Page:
Te Marautanga o Aotearoa aims to develop successful learners, who will grow as competent and confident learners, effective communicators in the Māori world, healthy of mind, body and soul and secure in their identity, and sense of belonging. They will have the skills and knowledge to participate in and contribute to Māori society and the wider world.

    The whānau, the community, and the iwi of learners contribute to their education. For them to experience success, the school, the whānau, hapū, iwi and community must work together effectively and consistently. The curriculum upholds the cultural identity and heritage of learners and their families.

    Schools and kura working with families, whānau, communities and iwi to use Te Marautanga o Aotearoa as the foundation to build a school curriculum or marautanga-ā-kura that reflects their own unique identity, values and vision to meet their students learning needs.

    Ref:  www.minedu.govt.nz

    Te Marautanga o Aotearoa acknowledges whānau as important contributors.  

    Engaging with whānau is a priority!

    A great place to start with the implementation of this curriculum is forming 'Te āhua o ā tātou ākonga' - a graduate profile that acknowledges the aspirations that whānau have for their tamariki.  Whānau have to be engaged in this process - Why?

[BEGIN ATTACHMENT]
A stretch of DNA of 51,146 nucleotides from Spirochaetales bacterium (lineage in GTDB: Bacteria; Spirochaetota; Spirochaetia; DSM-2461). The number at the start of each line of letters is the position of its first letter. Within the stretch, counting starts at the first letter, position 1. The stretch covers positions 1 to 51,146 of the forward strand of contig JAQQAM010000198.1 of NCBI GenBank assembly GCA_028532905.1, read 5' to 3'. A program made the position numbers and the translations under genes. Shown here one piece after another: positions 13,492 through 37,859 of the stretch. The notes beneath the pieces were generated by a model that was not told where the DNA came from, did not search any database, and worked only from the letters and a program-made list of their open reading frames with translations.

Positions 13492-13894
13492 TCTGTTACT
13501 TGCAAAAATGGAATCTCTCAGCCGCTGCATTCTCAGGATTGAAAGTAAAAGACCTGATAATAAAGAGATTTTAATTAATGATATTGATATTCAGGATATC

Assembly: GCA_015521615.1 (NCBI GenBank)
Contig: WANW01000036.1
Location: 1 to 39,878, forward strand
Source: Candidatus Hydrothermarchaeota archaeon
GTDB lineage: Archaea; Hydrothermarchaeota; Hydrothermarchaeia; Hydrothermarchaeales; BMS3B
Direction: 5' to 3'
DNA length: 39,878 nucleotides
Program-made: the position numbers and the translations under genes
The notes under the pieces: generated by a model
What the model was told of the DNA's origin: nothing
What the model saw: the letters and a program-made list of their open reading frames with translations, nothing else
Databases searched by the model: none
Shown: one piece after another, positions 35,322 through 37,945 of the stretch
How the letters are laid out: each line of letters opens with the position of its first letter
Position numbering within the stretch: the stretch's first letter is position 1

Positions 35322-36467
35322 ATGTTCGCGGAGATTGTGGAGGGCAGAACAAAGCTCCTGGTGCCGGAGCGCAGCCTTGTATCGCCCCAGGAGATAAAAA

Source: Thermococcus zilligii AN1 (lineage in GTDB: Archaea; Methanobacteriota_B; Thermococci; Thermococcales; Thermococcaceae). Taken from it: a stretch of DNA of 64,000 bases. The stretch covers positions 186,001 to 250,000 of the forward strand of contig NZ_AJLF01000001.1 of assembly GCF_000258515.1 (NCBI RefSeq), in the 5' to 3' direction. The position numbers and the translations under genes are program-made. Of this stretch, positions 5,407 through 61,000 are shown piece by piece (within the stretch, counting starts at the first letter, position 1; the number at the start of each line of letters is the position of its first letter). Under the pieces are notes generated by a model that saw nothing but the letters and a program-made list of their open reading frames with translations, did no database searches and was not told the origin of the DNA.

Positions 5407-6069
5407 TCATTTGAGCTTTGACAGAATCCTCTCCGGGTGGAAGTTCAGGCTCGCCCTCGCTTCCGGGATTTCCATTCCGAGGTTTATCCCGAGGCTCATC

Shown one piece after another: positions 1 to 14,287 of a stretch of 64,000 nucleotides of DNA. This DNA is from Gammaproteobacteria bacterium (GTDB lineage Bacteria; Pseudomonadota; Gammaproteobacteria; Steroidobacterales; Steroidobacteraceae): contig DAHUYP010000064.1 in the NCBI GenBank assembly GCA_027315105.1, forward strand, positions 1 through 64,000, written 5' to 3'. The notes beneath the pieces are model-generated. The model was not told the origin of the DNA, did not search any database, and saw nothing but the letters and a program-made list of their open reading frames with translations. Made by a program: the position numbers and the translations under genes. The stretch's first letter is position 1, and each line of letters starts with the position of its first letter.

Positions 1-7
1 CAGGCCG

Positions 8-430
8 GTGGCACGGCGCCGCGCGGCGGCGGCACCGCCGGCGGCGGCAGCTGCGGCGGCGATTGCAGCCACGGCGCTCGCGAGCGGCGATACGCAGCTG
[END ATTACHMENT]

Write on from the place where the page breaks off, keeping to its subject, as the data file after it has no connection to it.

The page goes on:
A question was once asked of me...Who do the children belong to?  My holistic response would be something like...everyone has a joint responsibility to look after and care for our young ones, but as a mother....MY CHILDREN BELONG TO ME - Mummy!  I have aspirations for my tamariki and I know that what I think needs to be acknowledged and valued as being important within their education.  I know that I have a responsibility as Mummy to ensure that my children achieve and I know that I need to work with our kura to ensure that happens.  I am an Educated Educator who works in Education.  I am aware of the need to engage with whānau to achieve better outcomes for our tamariki.  

    I'm trying to get to my point...

    Are we as educators fully informing our whānau of the important role and responsibility they have, and that they have the opportunity to have a say in what their children are learning about?  In creating 'Te āhua o ā tātou ākonga' - the Graduate profile - schools need to engage with their whānau.  Traditionally hui have been called - some schools get a good turn out and some do not.  Do we rely on the numbers that attend these hui to create 'Te āhua o ā tātou ākonga' - the Graduate profile OR do we try other ways to engage all of our whānau?  We could arrange home visits, individual meeting times, ph calls and/or letters home.  We may want to introduce a survey about communicative devices/tools our parents may have access to.  I think this is my point...LOL.